Notice of allegations news could impact KU recruiting long before results on the court


Kansas head coach Bill Self reacts after a call against his team during the first half of an NCAA college basketball game against Iowa State, Saturday, Jan. 5, 2019, in Ames, Iowa.

Kansas head coach Bill Self reacts after a call against his team during the first half of an NCAA college basketball game against Iowa State, Saturday, Jan. 5, 2019, in Ames, Iowa. by AP Photo/Charlie Neibergall

While Monday’s news of Kansas receiving a Notice of Allegations from the NCAA kick-starts a monthslong review process, its outcome likely will have no impact on the Jayhawks’ upcoming season.

Where it could cause problems first is on the recruiting trail.

That was KU’s reality throughout the recent federal investigation into college basketball recruiting, which KU coach Bill Self on more than one occasion said had hurt the program’s recruiting efforts.

"It has suffered," said 247 Sports recruiting analyst Jerry Meyer in a March podcast, noting KU's inability to land Top 10 talents Jeremiah Robinson-Earl and Matt Hurt.

Now that KU has been placed even more directly in the crosshairs of the NCAA, it remains to be seen what impact that news will have on the prospects the Jayhawks are currently pursuing.

A quick check of the social media accounts for some of KU’s top targets in the 2020 class on Monday evening revealed no notable reactions to Monday’s news.

At the moment, KU has one open scholarship — from Issac McBride’s recent decision to leave the program — and is expected to have at least two or three more available after the 2019-20 season. As a result, Self and company could have as many as four or five spots to fill in the 2020 recruiting class for the 2020-21 roster.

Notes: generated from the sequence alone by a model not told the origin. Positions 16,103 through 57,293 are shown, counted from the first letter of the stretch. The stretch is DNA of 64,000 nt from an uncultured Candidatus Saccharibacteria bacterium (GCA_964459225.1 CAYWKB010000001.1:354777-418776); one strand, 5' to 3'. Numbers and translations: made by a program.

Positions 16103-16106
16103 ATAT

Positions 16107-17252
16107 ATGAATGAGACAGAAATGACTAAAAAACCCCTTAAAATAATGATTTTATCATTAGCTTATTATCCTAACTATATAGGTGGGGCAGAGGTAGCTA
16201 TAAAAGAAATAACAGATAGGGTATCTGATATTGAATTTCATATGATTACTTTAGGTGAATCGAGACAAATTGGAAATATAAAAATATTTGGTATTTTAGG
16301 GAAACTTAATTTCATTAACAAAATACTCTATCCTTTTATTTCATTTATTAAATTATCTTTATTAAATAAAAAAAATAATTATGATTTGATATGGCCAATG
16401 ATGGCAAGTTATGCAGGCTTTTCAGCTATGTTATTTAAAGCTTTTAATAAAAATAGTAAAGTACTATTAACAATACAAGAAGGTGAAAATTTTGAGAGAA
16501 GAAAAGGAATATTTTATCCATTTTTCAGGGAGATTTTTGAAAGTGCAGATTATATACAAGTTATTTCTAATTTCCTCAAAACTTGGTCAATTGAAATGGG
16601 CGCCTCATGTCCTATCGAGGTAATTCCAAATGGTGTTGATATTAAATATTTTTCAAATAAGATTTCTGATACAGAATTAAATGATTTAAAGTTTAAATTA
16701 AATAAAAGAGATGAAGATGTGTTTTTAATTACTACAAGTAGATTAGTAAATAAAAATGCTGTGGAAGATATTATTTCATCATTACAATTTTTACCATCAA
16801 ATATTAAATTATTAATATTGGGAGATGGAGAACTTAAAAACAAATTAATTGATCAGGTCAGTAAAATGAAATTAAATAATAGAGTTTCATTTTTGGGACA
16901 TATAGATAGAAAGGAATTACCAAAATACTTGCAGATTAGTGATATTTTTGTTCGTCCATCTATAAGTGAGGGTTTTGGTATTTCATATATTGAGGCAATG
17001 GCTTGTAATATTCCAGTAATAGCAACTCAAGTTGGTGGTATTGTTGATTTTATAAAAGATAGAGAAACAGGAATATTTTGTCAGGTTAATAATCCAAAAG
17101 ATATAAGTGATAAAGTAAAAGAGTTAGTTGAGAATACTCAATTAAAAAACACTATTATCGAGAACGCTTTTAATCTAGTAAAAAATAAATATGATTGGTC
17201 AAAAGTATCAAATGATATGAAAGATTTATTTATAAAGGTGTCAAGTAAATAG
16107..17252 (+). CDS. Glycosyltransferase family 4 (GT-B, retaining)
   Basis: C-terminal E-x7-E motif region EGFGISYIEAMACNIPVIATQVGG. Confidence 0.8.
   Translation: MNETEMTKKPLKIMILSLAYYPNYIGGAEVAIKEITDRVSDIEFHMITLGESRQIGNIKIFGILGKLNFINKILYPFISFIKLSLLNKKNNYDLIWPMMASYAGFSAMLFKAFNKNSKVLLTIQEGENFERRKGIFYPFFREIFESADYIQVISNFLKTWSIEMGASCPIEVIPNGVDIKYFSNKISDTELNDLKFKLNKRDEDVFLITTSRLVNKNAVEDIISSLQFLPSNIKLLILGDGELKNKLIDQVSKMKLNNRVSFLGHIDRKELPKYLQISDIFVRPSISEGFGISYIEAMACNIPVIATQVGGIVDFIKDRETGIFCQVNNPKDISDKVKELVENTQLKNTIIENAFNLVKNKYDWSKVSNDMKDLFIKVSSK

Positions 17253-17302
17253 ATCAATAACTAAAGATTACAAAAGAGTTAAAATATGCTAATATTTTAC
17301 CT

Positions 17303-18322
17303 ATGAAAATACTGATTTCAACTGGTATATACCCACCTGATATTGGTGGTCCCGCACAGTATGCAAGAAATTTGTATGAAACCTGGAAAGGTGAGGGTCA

While the recruiting efforts for players in that class and beyond have been in full swing for months, the movement from this point on is worth monitoring as the process plays out.

KU has three months to respond to the NCAA’s NOA. From there, the NCAA has another two months to answer KU’s response. And it likely will be another couple of months from there until a hearing can be scheduled and completed.

That puts the timeline for a ruling on the NCAA’s allegations, which include three Level 1 violations in men’s basketball and a head coach responsibility charge levied against Self, toward the back end of the 2019-20 season or later.

While the ruling ultimately will decide what punishments, if any, are handed down to Kansas and Self, the more immediate movement on the recruiting trail could impact KU’s next couple of seasons and rosters well after the case is closed.

In statements released Monday evening, Self, KU administrators and attorneys vowed to fight “vigorously” against the allegations, with KU Chancellor Douglas Girod and Athletic Director Jeff Long saying they stood fully and firmly in support of Self and the men’s basketball program.

Here’s a quick rundown of some of the top 2020 targets who are worth watching in the weeks and months to come as their recruitments heat up and decision day nears.

The early signing period is slated for Nov. 13-20, and the regular signing period opens April 15, 2020.

All of the prospects mentioned below have been interested in KU for months and have scheduled official and in-home visits. A handful are slated to come to KU’s famed Late Night in the Phog on Oct. 4: Five-star power forward Isaiah Todd (No. 10 overall in 2020 class per; five-star shooting guard Bryce Thompson (No. 19); five-star point guard Caleb Love (No. 21); four-star forward Kyree Walker (No. 42); four-star forward Moses Moody (No. 50); four-star power forward J.T. Thor (No. 53); four-star point guard KK Robinson (No. 80); and four-star center Gethro Muscadin (No. 130).

The Jayhawks’ exhibition season opens Oct. 24, with the regular season opener slated for Nov. 5 against Duke in the Champions Classic in New York.


Craig Carson 3 years, 2 months ago

Think its safe to assume that Self may have to abandon his pursuit for any player ranked above 50 until this all blows over...maybe our lack of higher ranked player signing could lead us to the same success Roy had at UNC in the years he couldn't land top talent during the academic least we will get this season to cheer before finding out our fate

Barry Weiss 3 years, 2 months ago